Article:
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nicole kelly, miss iowa, disability, uber, chicago, rideshare, law, chicago city council, navy pier, lyft, amputee, diversity speaker, wheelchair, ride

The disability community urges that federal laws are being broken after the City Council of Chicago passed an ordinance on Wednesday giving Uber and Lyft one year to delay accommodations for the wheelchair-bound.

Under the the ADA, transportation providers are required to accommodate wheelchairs if the equipment can fit in their car. According to the multilayered, controversial ordinance passed Wednesday, Uber and Lyft will have have a one year period of time to meet requirements set by the City Council of Chicago accommodating those with disabilities before facing penalties. Uber argues that their drivers are independent contractors, and therefore cannot abide by these laws.

Adam Ballard who works for Access Living expressed concern surrounding the revised ordinance and its lack of favor for the disability community, “We were very much in support of the ordinance that was originally written.” The original ordinance held Uber and Lyft to ADA guidelines.

In 2014 Uber launched a service called UberACCESS which provides wheelchair accessible cars and extra driver training to assist riders who have the need for special accommodations. If no active Uber car is wheelchair accessible when a client requests UberACCESS, an Open Taxi (a company which dispatches wheelchair accessible cars from various taxi companies) will be sent to the client through the Uber App. Riders are then forced to pay taxi prices for their ride in addition to an Uber referral fee.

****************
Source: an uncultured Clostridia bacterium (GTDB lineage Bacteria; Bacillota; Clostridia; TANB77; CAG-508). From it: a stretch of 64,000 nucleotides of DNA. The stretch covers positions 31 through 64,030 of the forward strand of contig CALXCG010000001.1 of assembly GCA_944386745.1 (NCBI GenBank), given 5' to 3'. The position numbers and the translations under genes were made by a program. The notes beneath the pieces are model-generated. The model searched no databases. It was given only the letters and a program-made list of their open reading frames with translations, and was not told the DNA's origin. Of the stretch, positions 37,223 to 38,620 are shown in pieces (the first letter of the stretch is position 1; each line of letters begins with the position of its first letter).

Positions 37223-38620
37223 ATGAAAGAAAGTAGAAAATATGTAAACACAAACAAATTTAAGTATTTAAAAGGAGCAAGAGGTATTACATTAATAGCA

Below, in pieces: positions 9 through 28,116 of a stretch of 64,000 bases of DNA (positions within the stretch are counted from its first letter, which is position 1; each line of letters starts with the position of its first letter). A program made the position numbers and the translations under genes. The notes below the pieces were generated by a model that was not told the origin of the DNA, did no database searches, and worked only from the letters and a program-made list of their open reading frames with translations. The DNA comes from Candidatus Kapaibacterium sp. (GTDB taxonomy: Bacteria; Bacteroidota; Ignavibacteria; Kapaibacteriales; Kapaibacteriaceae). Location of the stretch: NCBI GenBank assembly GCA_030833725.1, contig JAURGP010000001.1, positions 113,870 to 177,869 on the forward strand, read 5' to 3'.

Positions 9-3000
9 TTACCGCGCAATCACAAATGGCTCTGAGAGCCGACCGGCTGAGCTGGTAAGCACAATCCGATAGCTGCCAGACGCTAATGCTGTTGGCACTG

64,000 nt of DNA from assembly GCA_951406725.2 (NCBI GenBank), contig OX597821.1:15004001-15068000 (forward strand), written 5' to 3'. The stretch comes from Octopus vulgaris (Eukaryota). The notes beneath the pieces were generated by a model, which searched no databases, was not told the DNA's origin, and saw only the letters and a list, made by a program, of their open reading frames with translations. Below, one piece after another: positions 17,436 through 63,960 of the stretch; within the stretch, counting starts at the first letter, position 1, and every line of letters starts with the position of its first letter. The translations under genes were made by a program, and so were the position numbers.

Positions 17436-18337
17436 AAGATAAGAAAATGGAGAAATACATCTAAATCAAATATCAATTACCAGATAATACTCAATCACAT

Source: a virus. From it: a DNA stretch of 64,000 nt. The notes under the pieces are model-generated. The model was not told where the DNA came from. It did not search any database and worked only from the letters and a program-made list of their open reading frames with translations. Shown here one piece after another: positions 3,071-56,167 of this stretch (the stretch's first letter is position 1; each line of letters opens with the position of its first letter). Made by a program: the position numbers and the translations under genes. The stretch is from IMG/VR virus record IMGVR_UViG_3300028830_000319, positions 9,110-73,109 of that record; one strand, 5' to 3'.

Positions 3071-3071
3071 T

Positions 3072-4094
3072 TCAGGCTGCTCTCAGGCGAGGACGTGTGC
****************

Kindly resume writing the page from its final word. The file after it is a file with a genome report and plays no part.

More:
Jennifer Hickey, a driver for Uber in Chicago for over a year, says that Uber has sent no training information or offered any seminars which support UberACCESS, “Unless it is buried in random updates, I do not remember Uber sending any type of invite.”

Out of the 6,691 active taxicabs in Chicago (not including Uber or Lyft) only 162 of them are wheelchair accessible. According to CityofChiacgoTV, David Tuffs, a driver for Flash Taxi, provided over 3,500 accessible rides over 355 days in 2014.

In the past year there has been an amendment to the taxi ordinance addressing issues for those with a disability. This amendment ensures that 10% of a taxi company’s fleet will be wheelchair accessible by 2018. Uber and Lyft are not part of the companies included in the taxi ordinance.

The ordinance passed Wednesday means those who need an accessible ride will pay “Uber prices,” when an Open Taxi is sent to them via UberACCESS; however, the subsidy will come from a fund set aside to help taxi companies build their fleet for the 2018 deadline. The city of Houston recently passed an ordinance which require Uber and Lyft to pay the subsidy.

Questions remain surrounding the standards to which City Hall will hold these rideshare companies once the one year timeline has passed. Marca Bristo, the president and CEO of Access Living, stated, “We have a right to equal access, equal fares and equal service.”

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